The University of Virginia practices a selective admission policy, seeking outstanding students from throughout the United States and abroad. The Committee on Admission endeavors to provide the University community with an academically able, diverse, talented, and creative student body.
The committee seeks to balance the strength
of a national student body with the importance of a university education
for Virginia's best students. It does not otherwise enforce geographical
quotas or observe geographical limitations. The committee does not
consider financial need in any way when it evaluates applicants. Upon
request, the Office of Admission will provide the annual published
profile of the entering class.
Students coming directly from secondary school to the University are admitted in the fall semester to one of four undergraduate schools: the College of Arts and Sciences, the School of Engineering and Applied Science, the School of Architecture, or the School of Nursing. These four schools also admit transfer students. After two academic years of college-level work here or elsewhere, students may apply to the McIntire School of Commerce. Students may apply to the Five Year Teacher Education program sponsored jointly by the College of Arts and Sciences and the Curry School of Education after one or two years of college work. The Curry School also admits students to programs in Communication Disorders and Sports Medicine who have completed two years of college work. The Office of Admission receives and reviews applications for all six undergraduate schools and distributes information on all schools. Each school enforces its own college course requirements for transfer applicants; the Office of Admission will provide current descriptions of requirements upon request.
The School of Continuing and Professional Studies also offers a Bachelor of Interdisciplinary Studies (BIS) degree for students who have completed two years of college work at a regionally accredited college or university. Applications for the BIS program are received and reviewed by that office; for more information about admission to the BIS program, see chapter 12.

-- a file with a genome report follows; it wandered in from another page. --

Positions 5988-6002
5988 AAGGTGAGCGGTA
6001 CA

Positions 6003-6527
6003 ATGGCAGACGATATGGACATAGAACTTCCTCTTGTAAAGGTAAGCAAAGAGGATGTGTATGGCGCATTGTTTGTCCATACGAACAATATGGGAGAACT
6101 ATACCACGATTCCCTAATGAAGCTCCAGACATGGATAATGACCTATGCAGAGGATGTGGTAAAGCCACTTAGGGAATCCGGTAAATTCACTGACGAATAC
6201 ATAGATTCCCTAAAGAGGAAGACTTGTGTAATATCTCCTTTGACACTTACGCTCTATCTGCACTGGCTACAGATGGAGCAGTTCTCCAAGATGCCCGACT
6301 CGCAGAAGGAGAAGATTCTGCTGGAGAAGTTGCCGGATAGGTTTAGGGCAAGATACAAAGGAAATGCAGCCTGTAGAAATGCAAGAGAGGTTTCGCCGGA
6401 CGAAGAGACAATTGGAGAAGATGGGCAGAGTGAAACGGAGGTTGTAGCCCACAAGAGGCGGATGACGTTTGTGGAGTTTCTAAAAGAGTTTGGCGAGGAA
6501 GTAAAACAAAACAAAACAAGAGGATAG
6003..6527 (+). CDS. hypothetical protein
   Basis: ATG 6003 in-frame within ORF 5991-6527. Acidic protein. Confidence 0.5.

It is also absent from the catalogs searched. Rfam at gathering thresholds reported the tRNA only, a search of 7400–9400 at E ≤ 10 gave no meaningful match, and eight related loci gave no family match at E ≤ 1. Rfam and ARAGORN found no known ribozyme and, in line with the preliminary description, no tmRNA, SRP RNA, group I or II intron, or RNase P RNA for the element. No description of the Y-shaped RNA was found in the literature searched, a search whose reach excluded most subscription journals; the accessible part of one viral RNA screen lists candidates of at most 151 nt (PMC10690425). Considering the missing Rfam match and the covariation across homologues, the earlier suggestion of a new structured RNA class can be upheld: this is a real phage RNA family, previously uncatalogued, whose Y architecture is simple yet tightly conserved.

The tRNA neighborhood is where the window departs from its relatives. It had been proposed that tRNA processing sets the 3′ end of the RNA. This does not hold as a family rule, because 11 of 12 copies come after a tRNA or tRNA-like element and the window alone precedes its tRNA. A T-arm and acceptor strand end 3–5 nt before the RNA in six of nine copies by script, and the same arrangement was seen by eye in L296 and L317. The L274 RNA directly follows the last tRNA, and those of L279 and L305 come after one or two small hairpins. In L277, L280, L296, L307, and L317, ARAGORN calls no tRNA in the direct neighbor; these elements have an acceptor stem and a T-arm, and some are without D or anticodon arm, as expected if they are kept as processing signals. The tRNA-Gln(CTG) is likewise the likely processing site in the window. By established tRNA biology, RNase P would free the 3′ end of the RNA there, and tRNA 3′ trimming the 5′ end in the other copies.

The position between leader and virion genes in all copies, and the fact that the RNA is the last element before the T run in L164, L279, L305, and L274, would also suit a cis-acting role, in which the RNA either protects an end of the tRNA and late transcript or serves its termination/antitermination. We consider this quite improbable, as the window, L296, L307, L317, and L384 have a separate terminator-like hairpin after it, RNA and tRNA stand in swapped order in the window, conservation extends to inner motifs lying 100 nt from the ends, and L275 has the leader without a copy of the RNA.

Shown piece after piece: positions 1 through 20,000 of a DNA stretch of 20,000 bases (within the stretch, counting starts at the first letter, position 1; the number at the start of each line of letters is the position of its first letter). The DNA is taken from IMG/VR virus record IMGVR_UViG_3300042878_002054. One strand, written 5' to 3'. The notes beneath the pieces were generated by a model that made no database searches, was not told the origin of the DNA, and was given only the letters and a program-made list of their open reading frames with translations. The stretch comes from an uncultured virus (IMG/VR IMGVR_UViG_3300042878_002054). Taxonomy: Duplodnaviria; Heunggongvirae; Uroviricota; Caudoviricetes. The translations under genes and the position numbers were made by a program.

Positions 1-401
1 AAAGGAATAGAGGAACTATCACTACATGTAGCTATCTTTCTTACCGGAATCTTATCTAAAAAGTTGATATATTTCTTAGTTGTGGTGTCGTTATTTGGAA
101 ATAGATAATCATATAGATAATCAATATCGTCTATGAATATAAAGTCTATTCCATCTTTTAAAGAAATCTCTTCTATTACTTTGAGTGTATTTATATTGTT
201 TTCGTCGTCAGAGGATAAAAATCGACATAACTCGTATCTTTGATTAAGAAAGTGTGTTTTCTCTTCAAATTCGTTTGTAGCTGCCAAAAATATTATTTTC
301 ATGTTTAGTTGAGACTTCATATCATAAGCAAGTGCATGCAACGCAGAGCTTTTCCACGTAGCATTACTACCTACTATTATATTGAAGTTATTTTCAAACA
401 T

Demonstrated academic achievement in a challenging secondary school program is normally the primary criterion for admission to the first-year class. Outstanding grades, high rank in class, good performance in Advanced Placement and honors courses, and superior standardized test scores all help establish such a record. As the committee prefers applicants who have completed the most rigorous academic courses available in their secondary schools, prospective students should not be satisfied with the minimal graduation requirements. The secondary program should include no fewer than 16 academic courses and must include the following courses:
Because full-time students at the University take five academic courses each term, the committee recommends that students take no fewer than four, and preferably five, academic courses (English, math, history, science, and foreign language) each year in grades nine through twelve.
The Committee on Admission examines the application form for what it reveals about extracurricular successes, special talents and interests, goals, background, and the applicant's ability to write effective English prose. A letter of recommendation from the secondary school is required.
Regular Decision The admission office publishes applications each fall for admission in the following September. All applications must be returned to the Office of Admission by January 2 with a non-refundable application fee of $40. Candidates who qualify for waiver of the College Board ATP fee may request a waiver of the application fee as well. For further information and an application for admission, contact the Office of Admission, University of Virginia, P.O. Box 400160, Charlottesville, VA 22904; (434) 982-3200; firstname.lastname@example.org; www.virginia.edu/~admiss/ugadmiss.
The committee requires first-year and transfer applicants to submit SAT I scores. Scores from the American College Testing Program (ACT) may be substituted. Also required are three SAT II Subject Tests: Writing, Mathematics (either level), and a third test in science, history, or foreign language. Results of these tests should be reported to the Office of Admission directly from the Educational Testing Service in Princeton, NJ, or from the American College Testing Program in Iowa City, IA. For both first-year and transfer admission, the January test date is the last opportunity to complete the College Board tests, and December is the last date for the ACT. Applicants should consult their high school guidance counselors for the appropriate registration deadlines, which generally precede the test dates by several weeks. Because the SAT I and SAT II cannot be taken at the same sitting, applicants must register for two separate test dates. Students with a medically diagnosed learning disability are encouraged to take the SAT I or ACT on an untimed basis. For more information on special testing centers, call the Educational Testing Service at (609) 921-9000 or the American College Testing Program at (319) 337-1332.